It was still there watching the scouts. But, slowly it secured its tail to its abdomen and, to the men’s heartache, it gave an angry bark and dashed into the tangle.
In the distance, the irate dog never ceased howling. The echo travelled and shook the entire jungle. The locale they were to attack was now where the dog sat and was calling to the gods that the ivitu are here with us, trying to kill us in our own land.
‘My god, that dog,’ Nukuitu cried.
Minsipi, who was not disturbed by all this, stood relaxed watching Nukuitu. ‘Don’t be bothered by a naked puppy, man.’
Someone in the midst of the targeted area gave a shout for withdrawal; the dog was also pacified.
‘Thanks, Jesus,’ the point scout relieved himself of the enveloping fear. He was an inmate walking to freedom.
The other troopers led by Fatnose crossed the cold Loruru and positioned themselves on the edges of the fallow area. For it was here that the enemy would come running when attacked from the rear.
They waited silently in anticipation for the moment to squeeze the trigger. Every soldier longed to kill one Bougainvillean rebel for the country. They have caused Port Moresby so much trouble.
They waited as the rear strike force struggled through a vast bamboo cluster. Evident was human activity. Ahead the land was getting higher so the soldiers edged forward more carefully so as not to be spotted.
To the left of the creeping government men, and amidst impenetrable undergrowth, were their enemies.
Nande, the point scout of Sepik origin who was renowned for his tales of training with Australian soldiers, sprang over a huge rotting log with deepening heartbeats after catching something with his sharp ears. He brushed pass a spiky pile of pandanus leaves that were hanging loose on their mother palm to get a clear view of the rebel position.
With sweat dripping down his face and blood veins clear on his nose, he halted and gestured his second man forward.
A soft conversation was audible some 50 metres away under the thick undergrowth. A bluish fire smoke was also visible and smelling.
‘They are here,’ the scouts concluded and ordered the rest into position.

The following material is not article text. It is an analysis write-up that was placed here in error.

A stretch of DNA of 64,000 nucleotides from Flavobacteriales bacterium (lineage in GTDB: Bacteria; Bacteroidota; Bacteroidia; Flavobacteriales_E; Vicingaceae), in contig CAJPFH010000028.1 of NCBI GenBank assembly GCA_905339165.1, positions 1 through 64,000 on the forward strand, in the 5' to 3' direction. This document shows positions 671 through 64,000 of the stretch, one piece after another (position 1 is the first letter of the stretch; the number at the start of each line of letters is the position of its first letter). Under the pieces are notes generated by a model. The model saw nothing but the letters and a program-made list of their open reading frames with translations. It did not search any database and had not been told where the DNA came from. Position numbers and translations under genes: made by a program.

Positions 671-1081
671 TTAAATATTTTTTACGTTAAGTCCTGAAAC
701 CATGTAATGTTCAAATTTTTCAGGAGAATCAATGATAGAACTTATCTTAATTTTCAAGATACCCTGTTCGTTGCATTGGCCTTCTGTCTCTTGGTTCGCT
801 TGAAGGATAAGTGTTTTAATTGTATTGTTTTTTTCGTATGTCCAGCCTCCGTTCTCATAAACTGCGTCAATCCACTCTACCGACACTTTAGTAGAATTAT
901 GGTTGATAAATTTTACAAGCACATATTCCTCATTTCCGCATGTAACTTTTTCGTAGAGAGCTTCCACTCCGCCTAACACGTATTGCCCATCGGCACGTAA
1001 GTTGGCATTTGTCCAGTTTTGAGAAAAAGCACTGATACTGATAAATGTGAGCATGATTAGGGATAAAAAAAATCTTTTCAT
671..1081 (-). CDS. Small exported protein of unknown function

Overhead, a lone crow flapped its way through the shade of the canopy as Nukuitu took a few steps forward escorted by Minsipi, the wolf in sheep’s clothing.
A light wind swept the jungle to life. Mosquitoes swarmed. In the distance, a branch cracked.
‘The wind must be mad,’ thought Nukuitu.
Cautiously, the soldiers moved forward in barricade formation for attack. With his heart pounding, Nukuitu didn’t know who was minding the back, what he wanted was the blood that was in front of him. There they were talking without knowing that death crept in silently.
The wind allowed the shrubs to sway in a leisurely manner. Manu, a Morobean soldier serving his fifth year in the Defence Force, was hard hit by mosquitoes. The blood suckers were trying their best to attack his neck. Then he saw it—who? The rebel! He moved in a jerk to his right.
‘There, he pointed! Shoot… shoot!’ he ordered as he landed on the moist earth chasing away an army of moths. The troops fired heavily. Bullets had the leaves and tree branches fall like rain to the mother earth. To boost their bravery, not a response came.
Firing, the troops moved forward. Reloading and firing they went to see who the beast was there that cost them so much energy to get him down.
Minsipi, the end-man on the far left of the barricade and the first in front of the talking enemy, halted fire after hearing a radio playing. It was a broadcast on environmental issues from Australia.
Heart pounding to identify a gap for him to escape and meet his kinsmen, he swore at the radio loudly, ‘Fuck you,’ and switched it off. It belongs to his cousin—a resistance fighter turned rebel by the PNGDF.
On the other side, Fatnose and the men were firing into the fallow area. Yet it was clear that through this zone no being could cross without been spotted. Nothing but fear was taking a toll on this Australian-trained army. Good for nothing pricks!
‘Keep shooting,’ Fatnose ordered. ‘These men are like ghosts, they can cross this way without you seeing them, boys.’
Under the deafening blast of guns and grenades, Minsipi stood still watching his mates. They without restrain kept wasting Australian ammunition on the innocent plants. While the bush boys had only one formula which was: ‘One shot equals one kill’ and then they were gone into the jungle.
As he stood lost in thought, a soldier kneeling before him was hit. He heard the piercing ‘thud’ of a bullet breaking through the human flesh and was shocked. What if they—my very relatives—took me down with their supply of ammunition still with me? My gracious God, don’t you ever be so rude to me.
The ivitu landed on the ground; gave a struggle thinking he could still retain precious life but didn’t make it. Minsipi just stared at the man hopelessly.
‘Heaven; or hell, my friend’ Minsipi prayed for him, ‘is up to you and God, at least if He knows who you are, you bastard.’